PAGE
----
Jayson Jacoby
The Baker City Herald

Dudley wrong to blame Kitzhaber

To the editor:

Any fair-minded person has to feel outrage, or at least mild disgust, at Chris Dudley's attempt to blame John Kitzhaber for the current state of the Oregon economy. Everyone knows the national economy is dragging every state down, and Gov. Kitzhaber left office eight years ago.

In the KGW debate, Kitzhaber pointed out that he had tried, as

governor, to establish a rainy day fund for Oregon, as nearly everyone

now admits is necessary, but the Republican legislature stopped it.

This is only one example of how Kitzhaber, with the opposition party

controlling the Legislature during his years as governor, was generally

prevented from pursuing the reforms he knew were badly needed. His term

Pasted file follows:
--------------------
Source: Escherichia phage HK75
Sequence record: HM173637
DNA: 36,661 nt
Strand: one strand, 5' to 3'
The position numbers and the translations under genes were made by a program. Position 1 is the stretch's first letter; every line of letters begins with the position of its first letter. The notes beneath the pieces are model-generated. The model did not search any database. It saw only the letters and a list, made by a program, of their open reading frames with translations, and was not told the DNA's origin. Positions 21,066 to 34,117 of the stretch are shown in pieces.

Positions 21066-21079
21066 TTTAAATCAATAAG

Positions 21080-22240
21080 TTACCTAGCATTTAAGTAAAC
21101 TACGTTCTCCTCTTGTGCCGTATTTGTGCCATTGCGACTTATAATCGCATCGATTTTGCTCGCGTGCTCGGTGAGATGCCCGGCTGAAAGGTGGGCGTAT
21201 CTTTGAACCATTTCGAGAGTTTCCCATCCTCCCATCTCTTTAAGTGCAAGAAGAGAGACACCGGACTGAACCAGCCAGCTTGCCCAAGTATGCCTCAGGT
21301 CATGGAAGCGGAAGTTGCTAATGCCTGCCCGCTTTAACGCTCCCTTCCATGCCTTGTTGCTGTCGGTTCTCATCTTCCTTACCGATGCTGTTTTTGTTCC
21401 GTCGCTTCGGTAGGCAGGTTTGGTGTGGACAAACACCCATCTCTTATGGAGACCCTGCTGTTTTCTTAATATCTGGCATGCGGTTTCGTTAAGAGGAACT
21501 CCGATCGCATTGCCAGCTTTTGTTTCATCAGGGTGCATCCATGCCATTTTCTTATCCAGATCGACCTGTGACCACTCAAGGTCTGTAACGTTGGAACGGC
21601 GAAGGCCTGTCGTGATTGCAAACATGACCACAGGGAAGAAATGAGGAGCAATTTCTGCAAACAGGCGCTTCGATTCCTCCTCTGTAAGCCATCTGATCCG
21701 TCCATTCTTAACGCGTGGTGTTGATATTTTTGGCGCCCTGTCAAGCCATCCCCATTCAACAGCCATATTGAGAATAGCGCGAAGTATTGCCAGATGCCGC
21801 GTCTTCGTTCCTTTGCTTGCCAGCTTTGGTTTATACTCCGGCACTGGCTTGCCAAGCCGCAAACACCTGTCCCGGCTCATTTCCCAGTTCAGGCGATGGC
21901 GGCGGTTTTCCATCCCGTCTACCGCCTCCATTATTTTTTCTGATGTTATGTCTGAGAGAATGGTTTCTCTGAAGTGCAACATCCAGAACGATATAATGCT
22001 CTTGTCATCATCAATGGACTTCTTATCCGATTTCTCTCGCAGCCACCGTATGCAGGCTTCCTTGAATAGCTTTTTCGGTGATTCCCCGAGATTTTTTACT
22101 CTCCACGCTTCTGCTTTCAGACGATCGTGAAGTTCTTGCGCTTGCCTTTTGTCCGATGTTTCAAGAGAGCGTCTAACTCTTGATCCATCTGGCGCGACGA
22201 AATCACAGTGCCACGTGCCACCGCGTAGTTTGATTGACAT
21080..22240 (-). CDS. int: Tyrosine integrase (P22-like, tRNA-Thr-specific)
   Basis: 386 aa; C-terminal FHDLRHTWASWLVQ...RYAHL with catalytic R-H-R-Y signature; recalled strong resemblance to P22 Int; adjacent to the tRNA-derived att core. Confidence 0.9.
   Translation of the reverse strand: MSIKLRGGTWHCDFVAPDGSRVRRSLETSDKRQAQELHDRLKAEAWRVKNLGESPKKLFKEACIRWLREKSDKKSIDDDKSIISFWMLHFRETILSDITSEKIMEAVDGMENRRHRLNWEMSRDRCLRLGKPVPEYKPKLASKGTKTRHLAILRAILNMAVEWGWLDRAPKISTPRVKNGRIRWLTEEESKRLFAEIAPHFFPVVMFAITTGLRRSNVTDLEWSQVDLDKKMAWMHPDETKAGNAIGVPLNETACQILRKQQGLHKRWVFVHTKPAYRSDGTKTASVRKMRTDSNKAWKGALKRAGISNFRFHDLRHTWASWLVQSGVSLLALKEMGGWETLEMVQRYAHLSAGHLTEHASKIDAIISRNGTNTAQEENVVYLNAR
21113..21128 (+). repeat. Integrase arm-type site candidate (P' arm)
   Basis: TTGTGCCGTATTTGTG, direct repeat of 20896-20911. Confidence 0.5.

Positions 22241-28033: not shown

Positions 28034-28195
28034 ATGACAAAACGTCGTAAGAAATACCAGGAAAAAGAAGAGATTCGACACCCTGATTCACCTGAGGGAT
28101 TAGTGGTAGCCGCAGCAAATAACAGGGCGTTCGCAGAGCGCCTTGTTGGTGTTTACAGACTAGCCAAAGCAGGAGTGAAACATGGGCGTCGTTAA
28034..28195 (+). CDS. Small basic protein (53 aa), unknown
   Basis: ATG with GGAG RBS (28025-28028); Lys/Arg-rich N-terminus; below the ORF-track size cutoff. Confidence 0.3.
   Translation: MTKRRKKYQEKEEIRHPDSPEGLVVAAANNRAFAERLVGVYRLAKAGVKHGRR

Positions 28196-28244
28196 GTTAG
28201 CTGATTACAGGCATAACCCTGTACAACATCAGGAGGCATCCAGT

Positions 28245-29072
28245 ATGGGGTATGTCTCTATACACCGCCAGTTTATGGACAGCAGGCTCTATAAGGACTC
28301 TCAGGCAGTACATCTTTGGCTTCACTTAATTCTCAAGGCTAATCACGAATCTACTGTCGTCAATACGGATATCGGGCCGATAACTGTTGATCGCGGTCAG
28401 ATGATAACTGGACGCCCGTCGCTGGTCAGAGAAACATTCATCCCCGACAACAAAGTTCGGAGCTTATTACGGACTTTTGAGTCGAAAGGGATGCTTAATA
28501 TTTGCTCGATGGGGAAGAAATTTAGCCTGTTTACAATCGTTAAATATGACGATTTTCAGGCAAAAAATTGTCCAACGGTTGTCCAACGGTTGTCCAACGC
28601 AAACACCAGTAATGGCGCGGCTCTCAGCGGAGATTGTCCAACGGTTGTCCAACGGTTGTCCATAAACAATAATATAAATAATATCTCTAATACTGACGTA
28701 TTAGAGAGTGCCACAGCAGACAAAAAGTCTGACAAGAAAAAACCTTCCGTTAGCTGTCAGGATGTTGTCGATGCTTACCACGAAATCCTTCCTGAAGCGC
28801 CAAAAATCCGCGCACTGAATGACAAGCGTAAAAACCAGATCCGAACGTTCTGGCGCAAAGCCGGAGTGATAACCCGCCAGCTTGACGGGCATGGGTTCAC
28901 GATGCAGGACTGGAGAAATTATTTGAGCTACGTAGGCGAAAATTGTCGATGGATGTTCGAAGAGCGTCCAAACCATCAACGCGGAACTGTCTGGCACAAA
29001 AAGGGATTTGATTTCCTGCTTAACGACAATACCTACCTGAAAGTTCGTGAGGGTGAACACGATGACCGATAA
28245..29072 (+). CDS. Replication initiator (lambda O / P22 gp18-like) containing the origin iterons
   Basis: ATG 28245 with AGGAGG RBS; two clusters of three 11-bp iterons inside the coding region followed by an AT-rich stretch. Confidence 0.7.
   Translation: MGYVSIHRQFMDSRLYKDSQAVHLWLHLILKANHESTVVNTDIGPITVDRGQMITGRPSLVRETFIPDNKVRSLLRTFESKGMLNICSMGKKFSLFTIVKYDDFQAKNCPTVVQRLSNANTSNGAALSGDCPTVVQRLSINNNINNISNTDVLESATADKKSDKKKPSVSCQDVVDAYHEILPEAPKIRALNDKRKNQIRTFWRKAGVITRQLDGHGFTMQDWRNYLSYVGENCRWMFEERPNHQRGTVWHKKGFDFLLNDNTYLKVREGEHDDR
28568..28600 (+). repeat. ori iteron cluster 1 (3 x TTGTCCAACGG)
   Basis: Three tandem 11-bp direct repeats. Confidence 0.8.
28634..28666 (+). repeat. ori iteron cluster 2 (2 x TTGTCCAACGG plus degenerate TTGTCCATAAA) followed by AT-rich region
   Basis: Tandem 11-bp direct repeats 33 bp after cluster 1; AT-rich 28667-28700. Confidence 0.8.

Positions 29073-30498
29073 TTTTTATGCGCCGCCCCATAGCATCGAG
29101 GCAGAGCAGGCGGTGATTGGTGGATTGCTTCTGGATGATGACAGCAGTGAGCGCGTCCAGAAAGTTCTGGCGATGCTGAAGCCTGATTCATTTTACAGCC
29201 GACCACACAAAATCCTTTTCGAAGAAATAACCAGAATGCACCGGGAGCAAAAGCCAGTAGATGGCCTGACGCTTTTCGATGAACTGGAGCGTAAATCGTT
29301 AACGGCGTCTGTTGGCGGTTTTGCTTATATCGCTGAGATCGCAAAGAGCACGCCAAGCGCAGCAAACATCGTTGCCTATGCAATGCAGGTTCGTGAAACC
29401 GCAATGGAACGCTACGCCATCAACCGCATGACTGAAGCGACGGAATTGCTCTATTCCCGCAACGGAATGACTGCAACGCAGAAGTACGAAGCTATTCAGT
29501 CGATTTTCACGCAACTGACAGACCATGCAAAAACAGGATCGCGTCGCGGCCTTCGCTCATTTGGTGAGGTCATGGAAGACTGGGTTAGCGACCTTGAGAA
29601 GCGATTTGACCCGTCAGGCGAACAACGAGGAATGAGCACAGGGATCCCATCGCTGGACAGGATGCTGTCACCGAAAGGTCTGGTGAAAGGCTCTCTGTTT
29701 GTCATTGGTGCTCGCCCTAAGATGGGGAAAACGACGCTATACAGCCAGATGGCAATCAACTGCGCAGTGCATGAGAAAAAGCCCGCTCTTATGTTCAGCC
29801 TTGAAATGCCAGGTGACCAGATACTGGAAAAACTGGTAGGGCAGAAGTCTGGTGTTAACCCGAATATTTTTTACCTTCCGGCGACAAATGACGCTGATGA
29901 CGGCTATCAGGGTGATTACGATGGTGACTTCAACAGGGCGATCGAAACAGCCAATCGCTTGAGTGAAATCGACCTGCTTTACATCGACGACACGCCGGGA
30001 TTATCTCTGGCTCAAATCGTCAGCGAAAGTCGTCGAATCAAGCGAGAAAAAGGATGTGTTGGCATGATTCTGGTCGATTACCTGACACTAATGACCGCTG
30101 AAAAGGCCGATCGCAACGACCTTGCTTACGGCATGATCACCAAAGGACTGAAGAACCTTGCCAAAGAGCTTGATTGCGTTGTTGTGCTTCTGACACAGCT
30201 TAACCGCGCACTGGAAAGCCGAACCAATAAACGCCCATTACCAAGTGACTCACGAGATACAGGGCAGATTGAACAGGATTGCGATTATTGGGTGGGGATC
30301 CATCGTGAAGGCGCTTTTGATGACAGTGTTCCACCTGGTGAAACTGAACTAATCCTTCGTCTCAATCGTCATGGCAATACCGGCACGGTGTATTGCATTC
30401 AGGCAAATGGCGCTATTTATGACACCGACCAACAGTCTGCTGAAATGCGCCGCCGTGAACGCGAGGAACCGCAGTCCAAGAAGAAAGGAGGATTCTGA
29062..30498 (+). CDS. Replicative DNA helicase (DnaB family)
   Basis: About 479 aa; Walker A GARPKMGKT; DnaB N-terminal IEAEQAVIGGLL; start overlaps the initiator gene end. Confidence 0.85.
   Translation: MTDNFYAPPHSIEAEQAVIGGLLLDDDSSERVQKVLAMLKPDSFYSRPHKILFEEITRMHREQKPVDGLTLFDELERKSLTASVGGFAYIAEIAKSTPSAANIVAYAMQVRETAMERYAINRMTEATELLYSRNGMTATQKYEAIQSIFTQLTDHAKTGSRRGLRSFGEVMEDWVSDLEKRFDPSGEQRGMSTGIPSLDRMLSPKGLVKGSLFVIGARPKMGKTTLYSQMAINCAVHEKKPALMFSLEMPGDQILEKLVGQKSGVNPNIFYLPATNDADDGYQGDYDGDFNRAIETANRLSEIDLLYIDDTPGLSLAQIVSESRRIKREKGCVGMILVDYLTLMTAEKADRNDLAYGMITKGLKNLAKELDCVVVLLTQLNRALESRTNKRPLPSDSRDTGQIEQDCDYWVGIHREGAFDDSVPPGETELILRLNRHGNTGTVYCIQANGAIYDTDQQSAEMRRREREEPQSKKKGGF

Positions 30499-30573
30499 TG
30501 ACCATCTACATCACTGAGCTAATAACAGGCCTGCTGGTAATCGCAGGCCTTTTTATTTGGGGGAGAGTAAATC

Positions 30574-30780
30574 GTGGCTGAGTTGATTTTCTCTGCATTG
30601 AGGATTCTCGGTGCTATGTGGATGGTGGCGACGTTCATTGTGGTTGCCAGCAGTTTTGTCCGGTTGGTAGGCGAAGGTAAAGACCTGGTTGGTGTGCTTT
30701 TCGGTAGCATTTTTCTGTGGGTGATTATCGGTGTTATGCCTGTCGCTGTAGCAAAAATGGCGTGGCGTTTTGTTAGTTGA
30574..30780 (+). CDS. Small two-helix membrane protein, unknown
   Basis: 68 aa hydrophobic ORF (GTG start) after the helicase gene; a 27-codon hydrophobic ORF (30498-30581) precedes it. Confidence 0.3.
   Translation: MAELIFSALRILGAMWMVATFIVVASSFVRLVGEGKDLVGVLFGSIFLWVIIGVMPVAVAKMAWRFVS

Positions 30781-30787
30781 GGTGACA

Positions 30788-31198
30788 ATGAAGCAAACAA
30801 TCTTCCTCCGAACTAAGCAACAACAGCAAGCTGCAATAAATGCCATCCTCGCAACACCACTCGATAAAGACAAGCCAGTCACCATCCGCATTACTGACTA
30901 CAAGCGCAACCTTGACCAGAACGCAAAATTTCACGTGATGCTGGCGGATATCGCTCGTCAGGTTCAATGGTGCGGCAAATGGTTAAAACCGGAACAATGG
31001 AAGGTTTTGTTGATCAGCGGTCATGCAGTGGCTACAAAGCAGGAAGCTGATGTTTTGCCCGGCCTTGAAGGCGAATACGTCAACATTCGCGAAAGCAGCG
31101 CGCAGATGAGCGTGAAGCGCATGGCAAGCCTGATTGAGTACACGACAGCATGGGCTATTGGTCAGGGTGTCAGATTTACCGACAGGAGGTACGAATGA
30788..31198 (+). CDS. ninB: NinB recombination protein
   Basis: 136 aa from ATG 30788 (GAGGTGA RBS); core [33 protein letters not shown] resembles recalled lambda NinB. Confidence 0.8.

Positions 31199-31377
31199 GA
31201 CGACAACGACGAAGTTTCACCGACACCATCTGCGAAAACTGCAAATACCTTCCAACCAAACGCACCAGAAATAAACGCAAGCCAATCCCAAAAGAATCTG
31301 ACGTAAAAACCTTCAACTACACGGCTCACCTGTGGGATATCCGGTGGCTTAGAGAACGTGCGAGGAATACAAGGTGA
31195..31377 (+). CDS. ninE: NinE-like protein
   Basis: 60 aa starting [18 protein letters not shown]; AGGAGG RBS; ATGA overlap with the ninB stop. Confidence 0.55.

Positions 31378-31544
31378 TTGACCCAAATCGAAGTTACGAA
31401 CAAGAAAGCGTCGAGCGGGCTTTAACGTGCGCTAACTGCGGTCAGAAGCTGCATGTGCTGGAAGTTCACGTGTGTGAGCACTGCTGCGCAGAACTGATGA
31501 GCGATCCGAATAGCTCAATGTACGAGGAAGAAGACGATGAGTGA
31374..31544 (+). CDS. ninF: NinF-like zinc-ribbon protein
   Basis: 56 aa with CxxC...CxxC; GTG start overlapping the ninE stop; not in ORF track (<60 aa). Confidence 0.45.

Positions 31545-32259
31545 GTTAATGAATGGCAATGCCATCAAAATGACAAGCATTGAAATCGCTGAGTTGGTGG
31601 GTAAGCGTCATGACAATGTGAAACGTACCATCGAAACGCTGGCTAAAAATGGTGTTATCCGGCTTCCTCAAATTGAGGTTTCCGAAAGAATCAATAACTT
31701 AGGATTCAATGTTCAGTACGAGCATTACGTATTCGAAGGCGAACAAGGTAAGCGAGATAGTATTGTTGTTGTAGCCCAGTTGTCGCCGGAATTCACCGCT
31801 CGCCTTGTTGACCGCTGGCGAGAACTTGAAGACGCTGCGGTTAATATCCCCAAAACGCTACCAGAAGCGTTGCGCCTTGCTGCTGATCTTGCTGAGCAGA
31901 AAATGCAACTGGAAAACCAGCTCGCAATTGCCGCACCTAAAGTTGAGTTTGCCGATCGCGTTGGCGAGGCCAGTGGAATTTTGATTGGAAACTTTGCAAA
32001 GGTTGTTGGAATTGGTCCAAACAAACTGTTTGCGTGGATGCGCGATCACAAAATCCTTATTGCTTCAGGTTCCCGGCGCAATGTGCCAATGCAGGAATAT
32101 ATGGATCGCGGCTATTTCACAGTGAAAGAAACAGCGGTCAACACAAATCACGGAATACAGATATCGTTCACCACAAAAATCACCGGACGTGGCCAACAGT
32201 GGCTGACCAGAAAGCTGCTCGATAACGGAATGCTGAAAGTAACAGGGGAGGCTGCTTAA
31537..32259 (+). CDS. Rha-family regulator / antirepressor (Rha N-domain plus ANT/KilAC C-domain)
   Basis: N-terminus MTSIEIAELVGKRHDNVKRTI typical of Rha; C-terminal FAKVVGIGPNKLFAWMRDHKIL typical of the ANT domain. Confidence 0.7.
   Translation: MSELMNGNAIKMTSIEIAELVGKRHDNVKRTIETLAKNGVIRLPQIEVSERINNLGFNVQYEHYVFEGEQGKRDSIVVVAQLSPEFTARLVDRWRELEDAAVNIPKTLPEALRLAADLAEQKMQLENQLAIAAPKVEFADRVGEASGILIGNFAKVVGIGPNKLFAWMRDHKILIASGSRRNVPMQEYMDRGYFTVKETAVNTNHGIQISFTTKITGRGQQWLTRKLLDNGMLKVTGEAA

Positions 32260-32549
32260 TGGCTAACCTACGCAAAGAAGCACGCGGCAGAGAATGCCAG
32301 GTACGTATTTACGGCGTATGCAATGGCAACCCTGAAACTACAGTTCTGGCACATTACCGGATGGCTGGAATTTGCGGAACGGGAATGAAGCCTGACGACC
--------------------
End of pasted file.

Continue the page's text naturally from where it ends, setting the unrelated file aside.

was notable for his record number of vetoes, but Oregon would be in

much worse shape today if not for the man who was derisively called

Doctor No.

Nevertheless, Kitzhaber had some solid achievements in getting

bipartisan legislation passed, and his 14 years in the Legislature had

prepared him for such success. By contrast, Dudley's total lack of such

experience would likely mean stalemate in Salem, and stalemate is a

luxury we can only afford when the economy is humming along and nothing

much needs to be done.

Dudley's main campaign promise, to drastically cut the capital gains

tax and open up an $800 million hole in the budget to benefit a wealthy

few (trying to con the voters into swallowing the old trickle-down

snake oil once again) is just the kind of recycled, overhyped idea that

Kitzhaber has seen many times before, and Kitzhaber advocates a more

moderate alternative. Dudley seems quite fond of Washington state's tax

system; especially their lower capital gains tax rates (not to mention

the low property taxes on his former home), but the news from

Washington is the state is in deep financial crisis, with a $4.5

billion projected shortfall in the 2011-2013 budget, resulting in

drastic across-the-board cuts in schools, public health, prisons,


Craig Martell

Baker City